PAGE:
Table 2 Digital signatures scheme comparison

From the above analysis, most of the digital signature schemes in blockchain are deployed by the asymmetric encryption algorithms, which involve RSA, DSA, and ECDSA. For example, Zhu [37], Benjamin [44], Bonneau [49], and Dikshit [50] use ECDSA to implement the digital signatures. In general, DSA can only be used for digital signatures, not encryption (some extensions can support encryption); RSA can be used as a digital signature algorithm or as an encryption algorithm. However, when RSA is used as encryption, its performance decreases sharply with the increase of key length. With the same key length, DSA is faster when doing signatures, but slower when doing signature verification. Generally, the number of signature verifications is greater than the number of signatures. Similarly, with the same key length, DSA (with extended support) decrypts the ciphertext faster and the encryption is slower; RSA is just the opposite, and generally, the decryption times are more than the encryption times. However, due to the inherent performance issues of asymmetric encryption algorithms, neither is a good choice for encryption. Compared with RSA and DSA, ECDSA has the following advantages:

  • Higher security performance: for example, 160-bit ECDSA has the same security strength as 1024-bit RSA and DSA.

  • Lower computation is and fast processing speed: in the processing speed of the private key (decryption and signature), ECDSA is much faster than RSA and DSA.

  • Small storage space: the key size and system parameters of ECDSA are much smaller than those of RSA and DSA, so the storage space occupied is much smaller.

  • Low bandwidth requirements make ECDSA widely used.

5 Conclusions and future works

In this paper, we focus on the non-repudiation of information security in blockchain. By comparing and analyzing the features of different digital signature schemes used in blockchain system in recent years, it is demonstrated that digital signature technology can well satisfy various specific application properties of blockchains and meet the security requirements in different situations. Our contributions in this paper can facilitate to guide the design of the digital signature schemes in blockchain and optimize the digital signature algorithm to enhance the blockchain security.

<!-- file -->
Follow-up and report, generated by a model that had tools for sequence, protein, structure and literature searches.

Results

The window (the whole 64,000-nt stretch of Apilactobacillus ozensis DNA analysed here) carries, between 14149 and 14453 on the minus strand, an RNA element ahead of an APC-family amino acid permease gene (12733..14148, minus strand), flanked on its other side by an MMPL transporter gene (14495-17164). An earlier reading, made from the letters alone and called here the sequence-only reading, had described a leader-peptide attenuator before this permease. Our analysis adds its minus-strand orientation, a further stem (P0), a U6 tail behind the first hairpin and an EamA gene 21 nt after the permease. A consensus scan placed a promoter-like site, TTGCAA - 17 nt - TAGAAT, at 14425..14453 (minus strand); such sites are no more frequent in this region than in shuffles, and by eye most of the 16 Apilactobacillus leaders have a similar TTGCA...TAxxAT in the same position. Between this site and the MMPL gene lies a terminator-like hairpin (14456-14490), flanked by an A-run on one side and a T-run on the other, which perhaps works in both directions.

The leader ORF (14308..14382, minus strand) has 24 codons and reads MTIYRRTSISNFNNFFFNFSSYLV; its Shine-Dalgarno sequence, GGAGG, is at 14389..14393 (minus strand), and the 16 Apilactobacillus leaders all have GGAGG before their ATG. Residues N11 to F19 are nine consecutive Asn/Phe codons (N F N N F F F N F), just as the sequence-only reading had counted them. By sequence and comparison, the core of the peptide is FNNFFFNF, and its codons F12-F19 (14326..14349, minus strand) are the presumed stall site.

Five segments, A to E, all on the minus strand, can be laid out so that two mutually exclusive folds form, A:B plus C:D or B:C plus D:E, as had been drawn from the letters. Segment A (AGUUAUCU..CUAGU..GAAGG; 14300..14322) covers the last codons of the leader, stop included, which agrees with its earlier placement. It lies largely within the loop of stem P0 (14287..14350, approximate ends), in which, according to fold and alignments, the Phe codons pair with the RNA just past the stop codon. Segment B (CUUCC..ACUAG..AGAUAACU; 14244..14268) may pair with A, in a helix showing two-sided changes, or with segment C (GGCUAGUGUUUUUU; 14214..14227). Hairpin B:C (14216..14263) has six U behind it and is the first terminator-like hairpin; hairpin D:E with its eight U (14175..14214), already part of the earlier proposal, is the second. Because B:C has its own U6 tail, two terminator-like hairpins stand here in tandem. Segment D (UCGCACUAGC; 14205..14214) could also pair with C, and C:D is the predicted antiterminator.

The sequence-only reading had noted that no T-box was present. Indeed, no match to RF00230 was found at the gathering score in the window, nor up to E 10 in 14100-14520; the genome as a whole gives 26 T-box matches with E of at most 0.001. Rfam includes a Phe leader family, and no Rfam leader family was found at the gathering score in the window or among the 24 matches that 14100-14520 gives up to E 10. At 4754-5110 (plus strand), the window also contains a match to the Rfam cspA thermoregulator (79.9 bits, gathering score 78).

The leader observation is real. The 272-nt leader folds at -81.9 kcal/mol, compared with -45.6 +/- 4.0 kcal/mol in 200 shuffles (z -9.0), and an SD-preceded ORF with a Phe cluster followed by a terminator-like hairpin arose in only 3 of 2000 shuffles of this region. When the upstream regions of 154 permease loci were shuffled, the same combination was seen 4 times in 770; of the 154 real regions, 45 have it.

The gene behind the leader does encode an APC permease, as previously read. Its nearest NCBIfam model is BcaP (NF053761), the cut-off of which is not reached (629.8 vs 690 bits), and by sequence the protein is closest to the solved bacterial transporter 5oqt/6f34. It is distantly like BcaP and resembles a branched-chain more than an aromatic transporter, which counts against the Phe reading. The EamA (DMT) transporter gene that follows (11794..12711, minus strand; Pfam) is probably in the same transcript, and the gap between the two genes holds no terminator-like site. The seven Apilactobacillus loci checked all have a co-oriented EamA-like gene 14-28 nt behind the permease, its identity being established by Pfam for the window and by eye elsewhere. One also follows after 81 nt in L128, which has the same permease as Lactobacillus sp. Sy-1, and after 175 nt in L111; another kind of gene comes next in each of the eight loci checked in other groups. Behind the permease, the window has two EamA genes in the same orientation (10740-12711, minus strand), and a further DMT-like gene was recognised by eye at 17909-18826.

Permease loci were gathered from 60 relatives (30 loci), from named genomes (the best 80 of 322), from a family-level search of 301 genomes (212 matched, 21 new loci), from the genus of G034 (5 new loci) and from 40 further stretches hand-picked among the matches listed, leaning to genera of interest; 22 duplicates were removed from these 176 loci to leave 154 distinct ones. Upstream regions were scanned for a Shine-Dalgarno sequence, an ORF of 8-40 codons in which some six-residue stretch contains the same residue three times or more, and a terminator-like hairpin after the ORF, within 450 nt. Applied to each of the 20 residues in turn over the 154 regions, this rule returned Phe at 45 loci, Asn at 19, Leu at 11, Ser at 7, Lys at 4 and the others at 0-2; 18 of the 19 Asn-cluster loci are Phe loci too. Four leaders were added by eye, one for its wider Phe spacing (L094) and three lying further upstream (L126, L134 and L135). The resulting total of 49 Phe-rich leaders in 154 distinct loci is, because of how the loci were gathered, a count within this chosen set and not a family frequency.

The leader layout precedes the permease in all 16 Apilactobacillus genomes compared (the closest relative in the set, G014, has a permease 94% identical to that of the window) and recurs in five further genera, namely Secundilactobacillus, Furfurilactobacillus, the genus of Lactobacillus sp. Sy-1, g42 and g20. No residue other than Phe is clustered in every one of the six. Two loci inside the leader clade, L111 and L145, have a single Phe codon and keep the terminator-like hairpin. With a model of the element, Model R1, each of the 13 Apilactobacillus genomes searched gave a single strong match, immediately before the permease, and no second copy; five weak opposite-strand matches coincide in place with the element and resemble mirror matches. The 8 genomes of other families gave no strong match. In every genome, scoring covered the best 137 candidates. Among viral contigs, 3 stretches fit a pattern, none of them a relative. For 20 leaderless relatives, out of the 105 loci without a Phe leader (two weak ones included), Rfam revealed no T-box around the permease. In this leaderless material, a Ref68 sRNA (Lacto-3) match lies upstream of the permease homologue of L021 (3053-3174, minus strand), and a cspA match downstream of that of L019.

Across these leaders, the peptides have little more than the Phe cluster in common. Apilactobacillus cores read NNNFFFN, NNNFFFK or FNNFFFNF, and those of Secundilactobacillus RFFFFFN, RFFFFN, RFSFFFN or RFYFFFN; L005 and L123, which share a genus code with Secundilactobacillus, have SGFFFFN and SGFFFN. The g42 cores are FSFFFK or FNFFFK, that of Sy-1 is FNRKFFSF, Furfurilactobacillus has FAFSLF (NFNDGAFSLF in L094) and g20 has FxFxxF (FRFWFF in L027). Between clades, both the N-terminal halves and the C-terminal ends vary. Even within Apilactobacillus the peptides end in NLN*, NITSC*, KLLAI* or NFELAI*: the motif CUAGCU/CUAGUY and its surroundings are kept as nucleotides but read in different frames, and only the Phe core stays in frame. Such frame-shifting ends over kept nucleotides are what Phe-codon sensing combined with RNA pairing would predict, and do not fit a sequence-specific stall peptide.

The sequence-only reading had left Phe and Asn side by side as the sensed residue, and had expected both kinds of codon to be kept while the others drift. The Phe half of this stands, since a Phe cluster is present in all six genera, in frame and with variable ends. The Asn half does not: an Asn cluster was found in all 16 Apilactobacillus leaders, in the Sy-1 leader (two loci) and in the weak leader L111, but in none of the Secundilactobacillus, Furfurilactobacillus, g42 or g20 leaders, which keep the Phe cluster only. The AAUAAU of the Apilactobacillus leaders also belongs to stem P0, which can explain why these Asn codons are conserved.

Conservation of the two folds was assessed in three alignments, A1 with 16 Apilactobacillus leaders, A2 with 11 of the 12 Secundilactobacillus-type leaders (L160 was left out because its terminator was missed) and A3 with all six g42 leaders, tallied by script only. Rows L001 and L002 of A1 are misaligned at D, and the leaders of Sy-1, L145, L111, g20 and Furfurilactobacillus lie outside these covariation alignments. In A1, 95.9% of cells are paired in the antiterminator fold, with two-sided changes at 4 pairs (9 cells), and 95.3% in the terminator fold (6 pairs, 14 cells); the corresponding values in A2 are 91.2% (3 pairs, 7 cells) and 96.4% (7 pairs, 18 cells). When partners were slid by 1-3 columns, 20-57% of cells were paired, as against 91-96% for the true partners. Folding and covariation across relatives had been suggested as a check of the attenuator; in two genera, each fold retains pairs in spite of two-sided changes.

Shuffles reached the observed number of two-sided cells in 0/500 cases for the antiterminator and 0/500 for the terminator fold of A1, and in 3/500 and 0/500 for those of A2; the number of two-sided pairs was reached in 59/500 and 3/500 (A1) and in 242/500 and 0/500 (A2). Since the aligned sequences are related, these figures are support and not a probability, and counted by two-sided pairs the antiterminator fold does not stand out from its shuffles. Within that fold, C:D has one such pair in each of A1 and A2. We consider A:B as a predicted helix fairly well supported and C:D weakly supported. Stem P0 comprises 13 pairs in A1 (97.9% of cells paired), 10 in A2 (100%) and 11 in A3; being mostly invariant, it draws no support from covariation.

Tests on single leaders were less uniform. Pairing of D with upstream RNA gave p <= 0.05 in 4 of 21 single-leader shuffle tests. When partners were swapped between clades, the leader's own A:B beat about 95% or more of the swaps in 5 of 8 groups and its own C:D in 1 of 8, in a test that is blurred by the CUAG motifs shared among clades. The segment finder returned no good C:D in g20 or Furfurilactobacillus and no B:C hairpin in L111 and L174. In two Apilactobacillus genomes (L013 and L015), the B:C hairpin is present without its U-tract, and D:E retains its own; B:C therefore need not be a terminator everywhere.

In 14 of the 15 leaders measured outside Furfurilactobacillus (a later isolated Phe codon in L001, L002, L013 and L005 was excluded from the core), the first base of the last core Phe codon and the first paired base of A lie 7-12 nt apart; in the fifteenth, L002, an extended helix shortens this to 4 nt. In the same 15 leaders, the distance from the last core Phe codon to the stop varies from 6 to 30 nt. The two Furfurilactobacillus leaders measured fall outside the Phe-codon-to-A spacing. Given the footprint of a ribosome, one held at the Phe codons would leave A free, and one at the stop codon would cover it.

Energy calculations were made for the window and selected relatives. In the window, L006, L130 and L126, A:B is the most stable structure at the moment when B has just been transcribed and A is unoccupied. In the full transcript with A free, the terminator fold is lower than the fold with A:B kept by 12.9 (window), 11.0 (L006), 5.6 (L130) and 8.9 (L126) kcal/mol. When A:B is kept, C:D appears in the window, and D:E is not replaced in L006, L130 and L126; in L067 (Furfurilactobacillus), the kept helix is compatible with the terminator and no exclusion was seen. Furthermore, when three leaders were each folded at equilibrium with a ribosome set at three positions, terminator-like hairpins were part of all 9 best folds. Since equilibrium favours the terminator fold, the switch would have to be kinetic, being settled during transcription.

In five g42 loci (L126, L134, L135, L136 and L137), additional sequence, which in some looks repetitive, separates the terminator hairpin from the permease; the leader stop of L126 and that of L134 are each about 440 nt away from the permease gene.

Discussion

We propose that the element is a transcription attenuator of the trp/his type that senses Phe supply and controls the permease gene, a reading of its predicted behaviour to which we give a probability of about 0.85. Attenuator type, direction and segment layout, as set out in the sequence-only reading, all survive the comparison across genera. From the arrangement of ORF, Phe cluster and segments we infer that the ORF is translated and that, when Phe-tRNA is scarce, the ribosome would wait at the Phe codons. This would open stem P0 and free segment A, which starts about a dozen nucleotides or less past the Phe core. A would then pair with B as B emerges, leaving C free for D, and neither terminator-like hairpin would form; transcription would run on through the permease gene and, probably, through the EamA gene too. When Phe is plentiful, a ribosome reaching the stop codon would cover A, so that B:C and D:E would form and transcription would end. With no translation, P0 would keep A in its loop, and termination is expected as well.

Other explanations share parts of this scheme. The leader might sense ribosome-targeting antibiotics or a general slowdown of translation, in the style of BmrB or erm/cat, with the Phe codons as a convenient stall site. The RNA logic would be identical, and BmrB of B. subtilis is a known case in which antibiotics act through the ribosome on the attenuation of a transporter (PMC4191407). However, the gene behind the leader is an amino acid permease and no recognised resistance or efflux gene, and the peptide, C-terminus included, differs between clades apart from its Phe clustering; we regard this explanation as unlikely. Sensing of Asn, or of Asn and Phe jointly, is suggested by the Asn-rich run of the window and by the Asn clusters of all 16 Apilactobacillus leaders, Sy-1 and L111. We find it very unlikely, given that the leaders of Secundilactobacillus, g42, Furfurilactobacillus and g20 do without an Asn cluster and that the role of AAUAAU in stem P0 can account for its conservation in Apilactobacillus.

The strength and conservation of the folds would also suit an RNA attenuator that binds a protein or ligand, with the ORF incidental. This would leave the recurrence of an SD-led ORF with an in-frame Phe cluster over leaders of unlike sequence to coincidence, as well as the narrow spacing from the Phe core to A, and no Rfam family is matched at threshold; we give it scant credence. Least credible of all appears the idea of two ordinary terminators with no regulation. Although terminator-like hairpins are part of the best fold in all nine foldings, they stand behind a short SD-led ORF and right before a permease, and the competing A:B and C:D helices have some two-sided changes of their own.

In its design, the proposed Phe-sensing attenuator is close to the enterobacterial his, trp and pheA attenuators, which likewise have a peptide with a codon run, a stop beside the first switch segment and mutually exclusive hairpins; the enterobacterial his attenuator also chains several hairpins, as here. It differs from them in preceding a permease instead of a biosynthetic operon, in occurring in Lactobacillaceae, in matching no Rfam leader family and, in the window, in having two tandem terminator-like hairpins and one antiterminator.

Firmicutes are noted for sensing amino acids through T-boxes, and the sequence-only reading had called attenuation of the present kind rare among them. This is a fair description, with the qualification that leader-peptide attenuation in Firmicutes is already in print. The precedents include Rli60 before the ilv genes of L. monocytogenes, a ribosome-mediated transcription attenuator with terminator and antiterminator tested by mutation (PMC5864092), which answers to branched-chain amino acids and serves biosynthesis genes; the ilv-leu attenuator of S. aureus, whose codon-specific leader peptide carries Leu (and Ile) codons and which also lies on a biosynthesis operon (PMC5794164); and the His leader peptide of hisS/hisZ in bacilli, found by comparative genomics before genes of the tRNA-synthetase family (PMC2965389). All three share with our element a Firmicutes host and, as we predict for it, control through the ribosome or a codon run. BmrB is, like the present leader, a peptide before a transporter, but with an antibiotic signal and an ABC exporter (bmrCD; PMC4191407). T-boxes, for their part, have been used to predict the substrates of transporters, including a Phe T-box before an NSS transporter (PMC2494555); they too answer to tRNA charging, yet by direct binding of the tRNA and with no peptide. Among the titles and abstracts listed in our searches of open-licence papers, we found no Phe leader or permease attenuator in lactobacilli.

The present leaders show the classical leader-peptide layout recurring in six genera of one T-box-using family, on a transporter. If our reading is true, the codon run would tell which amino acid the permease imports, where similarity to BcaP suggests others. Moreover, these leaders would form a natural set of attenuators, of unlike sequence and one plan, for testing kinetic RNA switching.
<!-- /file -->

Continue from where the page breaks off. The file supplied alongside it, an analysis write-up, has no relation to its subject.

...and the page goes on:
Based on the above overview on the digital signature schemes of blockchain systems, we propose the following future suggestions to improve security and performance in this field:

1)For the Bitcoin transaction scenario in the blockchain environment, the characteristics of schemes such as ring signature and blind signature can be used to further study the anonymity of transaction membership and the level of encryption of transaction information and reduce the transaction overhead.

2) Combining digital signatures with identity authentication or time stamps can improve multidimensional security and protect the non-repudiation of information in the blockchain from a broader perspective and direction.

The convergence of blockchain and IoT is the future development trend. Considering the resource-constrained terminals in IoT, we are working on the certificateless aggregation signature scheme for a mobile terminal.

Availability of data and materials

Not applicable.



Blind verifiable encrypted signature


Computational Diffie–Hellman


Delivery authority


Distributed ledger technology


Digital Signature Algorithm


Elliptic curve cryptography


Elliptic Curve Digital Signature Algorithm


Electronic health records


European Telecommunications Standards Institute


Interactive Incontestable Signature


Internet of Things


One-time schemes


Peer to peer




Post-Quantum Blockchain Network


Named after its inventors Rivest, Shamir and Adleman


Secure Hash Algorithm


Trusted Third Party


Unique Ring Signature


Winternitz type one-time signature


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We are grateful to the anonymous reviewers who have contributed to the enhancement of the paper’s completeness with their valuable suggestions.


This research was funded by the National Natural Science Foundation of China (Grant No. 51874300, No. 61571303); the National Science and Technology Major Project of China (Grant No. 2018ZX03001031); the National Natural Science Foundation of China and Shanxi Provincial People’s Government Jointly Funded Project of China for Coal Base and Low Carbon (Grant No. U1510115); the Qing Lan Project, the China Postdoctoral Science Foundation (Grant No. 2013T60574); the Shanghai Natural Science Foundation (Grant No. 17ZR1429100); the Shanghai Sailing Program (Grant No. 19YF1455800); the National key Research and Development Program of China (Grant No. 2019YFB2101602); and the Fundamental Research Funds for State Key Laboratory of Synthetical Automation for Process Industries (Grant No. PAL-N201703).

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The six authors of the paper have extensively participated in all of the paper writing. WF mainly worked on the researched. WZ, WC, and JP revised this paper. WG and GW mainly added to and revised the related works. All of the authors equally contributed to reviewing the manuscript. All authors read and approved the final manuscript.

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Correspondence to Wei Chen.

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Fang, W., Chen, W., Zhang, W. et al. Digital signature scheme for information non-repudiation in blockchain: a state of the art review. J Wireless Com Network 2020, 56 (2020).

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  • Blockchain
  • Cyber security
  • Non-repudiation
  • Digital signature